A New York lawyer will face six months of suspension for lying to get out of a speeding ticket and falsely claiming that the state trooper made anti-Semitic comments.
NY attorney Eliott Dear was pulled over in July 2007 by a New Jersey state trooper. He was issued a speeding ticket for driving 84 mph in a 55 mph zone.
A few days after the issuance of the summons, Dear wrote a letter to the traffic court on his law firm’s letterhead. He accused the officer of calling him a “Jew Kike.”
When an Internal Affairs officer interviewed Dear by telephone he repeated his claims of anti-Semitic behavior. Dear also cited the officer’s failure to acknowledge his explanation for speeding: that his pregnant wife needed a bathroom.
Fortunately for the officer, his car and uniform were rigged to video and audio recording devices throughout the car stop. Neither recording supported Dear’s version of the incident.
Internal Affairs cleared the trooper of wrongdoing and the state police subsequently lodged a complaint against Dear using the recording and the Internal Affairs interview as their primary evidence.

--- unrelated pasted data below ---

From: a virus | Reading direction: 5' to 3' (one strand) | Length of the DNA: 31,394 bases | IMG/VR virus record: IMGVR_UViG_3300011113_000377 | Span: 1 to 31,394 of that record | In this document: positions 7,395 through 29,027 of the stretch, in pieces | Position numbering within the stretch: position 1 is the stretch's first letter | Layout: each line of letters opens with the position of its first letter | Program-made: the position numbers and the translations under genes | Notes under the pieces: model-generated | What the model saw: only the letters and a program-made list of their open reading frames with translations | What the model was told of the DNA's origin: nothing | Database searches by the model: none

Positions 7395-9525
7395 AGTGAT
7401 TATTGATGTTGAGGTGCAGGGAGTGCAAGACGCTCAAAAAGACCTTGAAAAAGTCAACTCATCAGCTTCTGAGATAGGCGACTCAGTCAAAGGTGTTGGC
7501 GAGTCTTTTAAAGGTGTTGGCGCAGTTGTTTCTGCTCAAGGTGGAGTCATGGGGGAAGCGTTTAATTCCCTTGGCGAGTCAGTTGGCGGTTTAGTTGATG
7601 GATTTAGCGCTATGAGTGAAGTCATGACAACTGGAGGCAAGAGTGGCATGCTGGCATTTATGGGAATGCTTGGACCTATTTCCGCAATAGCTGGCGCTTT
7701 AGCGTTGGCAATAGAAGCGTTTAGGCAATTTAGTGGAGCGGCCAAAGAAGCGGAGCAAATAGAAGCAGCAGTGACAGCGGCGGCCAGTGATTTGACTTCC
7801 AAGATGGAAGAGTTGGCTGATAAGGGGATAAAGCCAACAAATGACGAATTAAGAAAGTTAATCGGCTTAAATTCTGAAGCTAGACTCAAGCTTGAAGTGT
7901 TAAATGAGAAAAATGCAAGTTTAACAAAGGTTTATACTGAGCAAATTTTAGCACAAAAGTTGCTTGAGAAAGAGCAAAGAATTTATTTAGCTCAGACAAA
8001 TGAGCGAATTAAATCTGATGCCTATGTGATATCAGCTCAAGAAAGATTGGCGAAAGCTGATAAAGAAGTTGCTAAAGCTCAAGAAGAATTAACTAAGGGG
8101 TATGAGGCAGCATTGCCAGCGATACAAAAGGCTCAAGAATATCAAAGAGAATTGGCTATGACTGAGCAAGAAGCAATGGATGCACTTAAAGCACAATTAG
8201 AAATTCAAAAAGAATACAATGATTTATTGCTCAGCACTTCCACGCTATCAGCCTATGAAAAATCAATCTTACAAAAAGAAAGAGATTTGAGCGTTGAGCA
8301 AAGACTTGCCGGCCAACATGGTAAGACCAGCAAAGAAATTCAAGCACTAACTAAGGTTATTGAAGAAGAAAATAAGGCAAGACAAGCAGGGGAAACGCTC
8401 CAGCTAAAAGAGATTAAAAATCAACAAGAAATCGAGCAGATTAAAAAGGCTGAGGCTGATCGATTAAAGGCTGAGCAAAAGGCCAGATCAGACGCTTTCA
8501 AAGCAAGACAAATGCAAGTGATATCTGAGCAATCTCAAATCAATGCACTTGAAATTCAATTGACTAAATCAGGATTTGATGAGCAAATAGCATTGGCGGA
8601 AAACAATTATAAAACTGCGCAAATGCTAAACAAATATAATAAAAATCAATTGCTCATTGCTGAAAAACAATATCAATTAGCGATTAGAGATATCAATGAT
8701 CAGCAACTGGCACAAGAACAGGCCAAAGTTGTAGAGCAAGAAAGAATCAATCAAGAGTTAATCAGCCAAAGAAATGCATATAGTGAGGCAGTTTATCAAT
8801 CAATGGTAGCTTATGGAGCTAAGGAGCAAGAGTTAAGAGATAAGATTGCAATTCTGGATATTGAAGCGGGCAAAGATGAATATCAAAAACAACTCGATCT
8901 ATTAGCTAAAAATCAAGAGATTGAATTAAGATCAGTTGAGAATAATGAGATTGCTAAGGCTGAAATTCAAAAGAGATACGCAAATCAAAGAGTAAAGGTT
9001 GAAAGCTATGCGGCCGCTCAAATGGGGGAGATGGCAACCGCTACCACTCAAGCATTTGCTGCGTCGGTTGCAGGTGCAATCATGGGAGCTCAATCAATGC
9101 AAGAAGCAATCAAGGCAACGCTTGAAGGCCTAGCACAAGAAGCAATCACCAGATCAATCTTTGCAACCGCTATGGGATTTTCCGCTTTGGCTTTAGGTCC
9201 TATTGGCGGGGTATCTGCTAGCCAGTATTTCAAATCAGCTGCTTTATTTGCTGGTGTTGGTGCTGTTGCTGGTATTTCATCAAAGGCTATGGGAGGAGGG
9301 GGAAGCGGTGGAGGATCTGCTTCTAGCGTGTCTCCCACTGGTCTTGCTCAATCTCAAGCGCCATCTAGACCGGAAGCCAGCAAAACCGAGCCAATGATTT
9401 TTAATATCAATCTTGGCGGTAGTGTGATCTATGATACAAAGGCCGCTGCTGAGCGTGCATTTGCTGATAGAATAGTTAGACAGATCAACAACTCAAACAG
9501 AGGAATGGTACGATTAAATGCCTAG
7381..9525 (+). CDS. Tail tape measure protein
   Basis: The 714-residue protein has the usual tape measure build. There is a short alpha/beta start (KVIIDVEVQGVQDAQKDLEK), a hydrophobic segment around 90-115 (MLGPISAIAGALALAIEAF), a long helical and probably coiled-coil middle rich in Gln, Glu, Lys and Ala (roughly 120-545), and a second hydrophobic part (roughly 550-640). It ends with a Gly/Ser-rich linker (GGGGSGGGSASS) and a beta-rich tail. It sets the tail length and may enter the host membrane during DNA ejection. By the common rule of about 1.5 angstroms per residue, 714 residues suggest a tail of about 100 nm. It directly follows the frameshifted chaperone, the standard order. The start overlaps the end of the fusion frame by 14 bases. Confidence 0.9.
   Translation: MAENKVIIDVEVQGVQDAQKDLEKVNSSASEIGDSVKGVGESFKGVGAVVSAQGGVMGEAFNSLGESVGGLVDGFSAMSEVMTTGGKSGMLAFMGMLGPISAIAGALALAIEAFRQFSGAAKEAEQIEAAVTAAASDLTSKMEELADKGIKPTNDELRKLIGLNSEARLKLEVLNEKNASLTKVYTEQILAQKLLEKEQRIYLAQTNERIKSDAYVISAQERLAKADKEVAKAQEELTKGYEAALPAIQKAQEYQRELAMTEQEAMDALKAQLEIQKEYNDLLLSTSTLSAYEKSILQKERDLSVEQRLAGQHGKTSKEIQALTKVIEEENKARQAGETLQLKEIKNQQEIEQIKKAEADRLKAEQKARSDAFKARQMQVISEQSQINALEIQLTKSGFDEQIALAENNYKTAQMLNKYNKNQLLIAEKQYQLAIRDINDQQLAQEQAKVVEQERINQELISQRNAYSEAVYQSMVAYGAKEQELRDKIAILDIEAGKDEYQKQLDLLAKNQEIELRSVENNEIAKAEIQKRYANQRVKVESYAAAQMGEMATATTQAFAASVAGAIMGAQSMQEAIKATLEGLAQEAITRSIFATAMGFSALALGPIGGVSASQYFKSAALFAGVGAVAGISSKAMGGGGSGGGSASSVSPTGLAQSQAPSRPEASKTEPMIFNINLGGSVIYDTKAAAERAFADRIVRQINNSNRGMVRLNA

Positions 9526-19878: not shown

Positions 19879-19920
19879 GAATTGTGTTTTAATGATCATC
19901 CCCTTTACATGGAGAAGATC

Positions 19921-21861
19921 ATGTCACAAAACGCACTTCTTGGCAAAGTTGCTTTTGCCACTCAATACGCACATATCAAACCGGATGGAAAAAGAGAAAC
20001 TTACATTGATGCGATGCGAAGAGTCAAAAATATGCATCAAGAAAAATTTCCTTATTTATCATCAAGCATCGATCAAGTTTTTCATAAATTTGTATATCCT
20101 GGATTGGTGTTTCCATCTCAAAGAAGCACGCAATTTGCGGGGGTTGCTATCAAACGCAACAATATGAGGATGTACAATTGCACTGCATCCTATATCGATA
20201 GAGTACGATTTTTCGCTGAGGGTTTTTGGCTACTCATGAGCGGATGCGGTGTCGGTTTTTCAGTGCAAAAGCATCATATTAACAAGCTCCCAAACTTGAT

After it was all said and done, Dear paid the $265 ticket. He admitted that the trooper never used an ethnic slur against him. A disciplinary committee for the New York appellate court’s Manhattan-based first department made five charges against Dear, and the lawyer admitted to them. Despite Dear’s plea for a censure or reprimand, the hearing panel recommended a six-month suspension, which the appellate division granted on Dec. 8.
This could have caused irreparable damage to this officer’s career, reputation and family. This could have caused tremendous tension in the community. Makes you wonder sometimes what people are thinking.